‘Leave me out of Nigerian Politics’- Nigerian soul singer Nneka

German Nigerian soul singer Nneka is back with a new album titled ‘My Fairy Tales’. Nneka is known for her deeply soulful and sometimes thought-provoking lyrics. Despite launching her career in Germany and touring with the likes of Nas and Damian Marley, her lyrics resonate with the realities and challenges of living in Nigeria, where she is now based.

Nneka was recently in London to promote the new album with a series of press appearances, one of which was a private listening party at Century Soho, where she performed tracks from the new album.

The 34-year-old Warri born singer got into hot water last week over comments she made during an interview with CNN’s African Voices, where she was perceived to have criticised President Goodluck Jonathan. Nneka took to Facebook to defend her comments and accuse the Nigerian press of deliberately spreading misleading headlines.

In the interview, Nneka shared her views on the postponement of the Presidential elections in Nigeria scheduled to hold in February.

“He [Goodluck Jonathan] says he wants to tackle Boko Haram, ” she said.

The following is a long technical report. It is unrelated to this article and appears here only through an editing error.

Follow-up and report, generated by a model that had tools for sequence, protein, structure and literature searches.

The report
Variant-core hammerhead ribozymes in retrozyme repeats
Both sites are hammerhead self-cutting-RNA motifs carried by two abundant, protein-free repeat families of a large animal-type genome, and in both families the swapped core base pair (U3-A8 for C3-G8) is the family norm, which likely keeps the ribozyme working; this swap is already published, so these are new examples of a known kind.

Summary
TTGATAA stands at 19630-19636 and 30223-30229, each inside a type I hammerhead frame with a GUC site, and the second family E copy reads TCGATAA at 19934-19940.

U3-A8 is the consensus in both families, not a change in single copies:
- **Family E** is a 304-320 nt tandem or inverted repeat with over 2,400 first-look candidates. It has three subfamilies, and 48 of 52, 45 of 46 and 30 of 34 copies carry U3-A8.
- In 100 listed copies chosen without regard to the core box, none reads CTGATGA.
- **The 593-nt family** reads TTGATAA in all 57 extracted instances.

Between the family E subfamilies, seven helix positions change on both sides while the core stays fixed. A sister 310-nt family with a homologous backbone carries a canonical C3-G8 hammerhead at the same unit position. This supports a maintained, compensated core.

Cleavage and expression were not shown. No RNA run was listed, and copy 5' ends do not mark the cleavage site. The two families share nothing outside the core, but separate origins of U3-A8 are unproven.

“Obviously, every Nigerian is asking why now? He could have done it a long time ago…but I’m not good at the whole blaming game, I don’t want to blame anybody but I pray that he comes up with a good idea for us if he is an honest and genuine guy. But I know that Fela [Kuti] would definitely not be cool with him, Seun [Kuti] is not cool with him, and many other musicians who are very outspoken are not cool with him.”

On the current security situation on the country, Nneka adds, “Boko Haram has always been an issue obviously for the past five, six years — funny wise, there’s a track in the album called “Pray For You” which I recorded when not too many people knew what was going with Boko Haram in the West.”

“I’m talking about the problems and possible solutions, and what are the reasons for the problems that we have. We as Nigerians, we’re not united, that has always been the issue… that’s our problem, tribalism, and what belongs to whom.”

Born to a Nigerian father and a German mother, Nneka shed a bit more light on what it was like growing up in Warri before she moved to Hamburg to study at the age of 19.

“Bringing children into this world… Everyone’s living in a cage and then you bring your child into that kind of society, where your child is forced to live in fear.”

“People are afraid to express themselves politically, and even in their home — I remember the way we grew up, I didn’t look my father in the eye until I was 22; you call your father “Sir, Sir, Sir” — apparently it’s a form of respect, OK, but respect should not be mistaken with fear. I was afraid and that’s the thing, that’s the colonial mentality: we mistake fear for respect.”

Nneka’s album My Fairy Tales’ is out now.

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